Easy, right? Now, let’s go back to our original question: suppose your employee handbook says that the normal workweek for a full time employee consists of 30 hours, and that we have no other agreement about my salary, other than its amount. I could argue that, based on the handbook, there is a general understanding that my base salary is intended to cover only 30 hours of straight-time work, resulting in a different calculation of my overtime pay:

Regular rate = $1000 / 30 hours = $33.33/hour

Total pay = Regular salary + 10 hours additional straight time + 10 hours at time and-a-half

Total pay = $1000 + (10 hours x $33.33/hour) + (10 hours x $33.33/hour x 1.5) = $1,833.28

Total pay = $1,833.28

Yikes! A salaried, non-exempt employee (or, for that matter, a misclassified salaried, exempt employee) can make the claim that he or she is entitled to straight time for all hours over 30 up to 40, and then time and a half for all hours over 40, which may not be what you intended when you adjusted your handbook’s definition. If this claim results in litigation, not only could you be on the hook for the additional pay but also liquidated damages and opposing counsel’s attorney’s fees. A simple handbook policy change can add up to some substantial liability very quickly!

Okay, but I want “full time” to mean something different! How can I do it?

If you want “full time” to mean something less than 40 hours per week at your organization, here are two approaches to consider:

  1. Eliminate “full time” definitions from in your handbook entirely.
    The FLSA does not require you to define full time, part time, temporary, or any other similar category, so why do it? These categories can be confusing for employees when presented generically in a handbook, and some categories (like “probationary employee” or “temporary employee”) can actually create liability for your organization in some situations. If your goal is to establish a threshold for benefits eligibility, then do that instead! Specify how employees can qualify for benefits based on the number of regularly scheduled hours in the appropriate section of your handbook: “To be eligible for XYZ benefit, you must be regularly scheduled to work at least ___ hours per week and have completed one year of service.”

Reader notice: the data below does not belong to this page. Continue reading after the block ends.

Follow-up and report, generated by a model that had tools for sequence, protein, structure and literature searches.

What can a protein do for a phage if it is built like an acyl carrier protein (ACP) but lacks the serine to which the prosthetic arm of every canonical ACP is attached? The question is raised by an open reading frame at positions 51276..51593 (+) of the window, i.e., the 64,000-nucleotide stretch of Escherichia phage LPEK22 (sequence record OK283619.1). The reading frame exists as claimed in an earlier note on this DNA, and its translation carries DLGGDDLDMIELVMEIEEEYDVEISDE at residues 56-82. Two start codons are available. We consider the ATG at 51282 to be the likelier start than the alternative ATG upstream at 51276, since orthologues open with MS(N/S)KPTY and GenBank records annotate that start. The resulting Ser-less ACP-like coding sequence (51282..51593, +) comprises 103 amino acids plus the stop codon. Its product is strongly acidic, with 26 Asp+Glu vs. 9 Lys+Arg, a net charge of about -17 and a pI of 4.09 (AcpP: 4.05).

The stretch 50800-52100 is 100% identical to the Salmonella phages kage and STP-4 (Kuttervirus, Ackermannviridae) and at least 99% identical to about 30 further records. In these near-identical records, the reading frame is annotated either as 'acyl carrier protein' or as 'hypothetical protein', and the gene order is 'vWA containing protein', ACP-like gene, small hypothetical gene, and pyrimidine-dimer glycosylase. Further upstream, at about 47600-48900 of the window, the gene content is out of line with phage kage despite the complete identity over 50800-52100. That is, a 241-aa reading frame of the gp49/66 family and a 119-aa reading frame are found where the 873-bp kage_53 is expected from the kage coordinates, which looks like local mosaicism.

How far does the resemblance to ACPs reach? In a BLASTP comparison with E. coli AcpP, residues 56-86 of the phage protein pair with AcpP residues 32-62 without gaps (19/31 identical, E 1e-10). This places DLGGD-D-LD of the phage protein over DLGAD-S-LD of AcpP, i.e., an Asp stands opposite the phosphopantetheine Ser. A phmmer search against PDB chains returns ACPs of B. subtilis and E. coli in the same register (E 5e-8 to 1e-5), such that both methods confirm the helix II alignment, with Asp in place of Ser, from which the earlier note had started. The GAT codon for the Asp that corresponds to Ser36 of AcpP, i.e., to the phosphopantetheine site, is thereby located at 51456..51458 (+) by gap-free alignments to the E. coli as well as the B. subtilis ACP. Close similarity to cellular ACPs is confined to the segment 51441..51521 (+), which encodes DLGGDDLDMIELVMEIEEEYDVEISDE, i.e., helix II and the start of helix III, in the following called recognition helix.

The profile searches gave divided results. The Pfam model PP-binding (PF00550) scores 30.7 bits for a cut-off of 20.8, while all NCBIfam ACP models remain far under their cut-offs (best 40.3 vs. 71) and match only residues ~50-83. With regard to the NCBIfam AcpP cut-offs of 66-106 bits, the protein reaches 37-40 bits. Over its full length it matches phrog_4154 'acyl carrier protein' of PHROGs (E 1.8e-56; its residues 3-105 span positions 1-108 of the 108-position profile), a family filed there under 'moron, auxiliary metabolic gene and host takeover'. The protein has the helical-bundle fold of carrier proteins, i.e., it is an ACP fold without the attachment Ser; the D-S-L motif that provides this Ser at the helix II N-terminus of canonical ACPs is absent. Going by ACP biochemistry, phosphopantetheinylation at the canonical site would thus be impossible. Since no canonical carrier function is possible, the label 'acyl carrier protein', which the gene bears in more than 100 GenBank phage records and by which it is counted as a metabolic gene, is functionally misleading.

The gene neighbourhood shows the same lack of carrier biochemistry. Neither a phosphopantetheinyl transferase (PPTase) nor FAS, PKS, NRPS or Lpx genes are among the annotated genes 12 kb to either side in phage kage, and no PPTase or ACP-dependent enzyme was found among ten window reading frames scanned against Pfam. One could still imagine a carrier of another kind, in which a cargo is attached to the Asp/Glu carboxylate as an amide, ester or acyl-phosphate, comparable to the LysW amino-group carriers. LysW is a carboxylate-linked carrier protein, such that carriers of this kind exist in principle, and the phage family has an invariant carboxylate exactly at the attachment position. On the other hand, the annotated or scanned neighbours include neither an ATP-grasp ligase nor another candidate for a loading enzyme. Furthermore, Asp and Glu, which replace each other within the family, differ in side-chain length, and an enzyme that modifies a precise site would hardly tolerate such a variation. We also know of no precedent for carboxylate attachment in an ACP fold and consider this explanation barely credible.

2. Draft written understandings with your employees about their salaries.
    Go ahead and define “full time” to mean 30, 35, 37.5, 40 or any other number of hours, but make sure that you have a written understanding with every salaried employee, particularly non-exempt ones, that clearly outlines what the employee’s salary is intended to cover—including the number of hours, if they are non-exempt. Depending on your needs, this document could be something formal, like an employment agreement, or something informal, like a job offer letter that the employee signs.  You should also make clear that to the extent the hours requirement in that written understanding conflicts with anything in the handbook, the written understanding prevails.

Written by:

Franczek Radelet P.C.

Franczek Radelet P.C. on: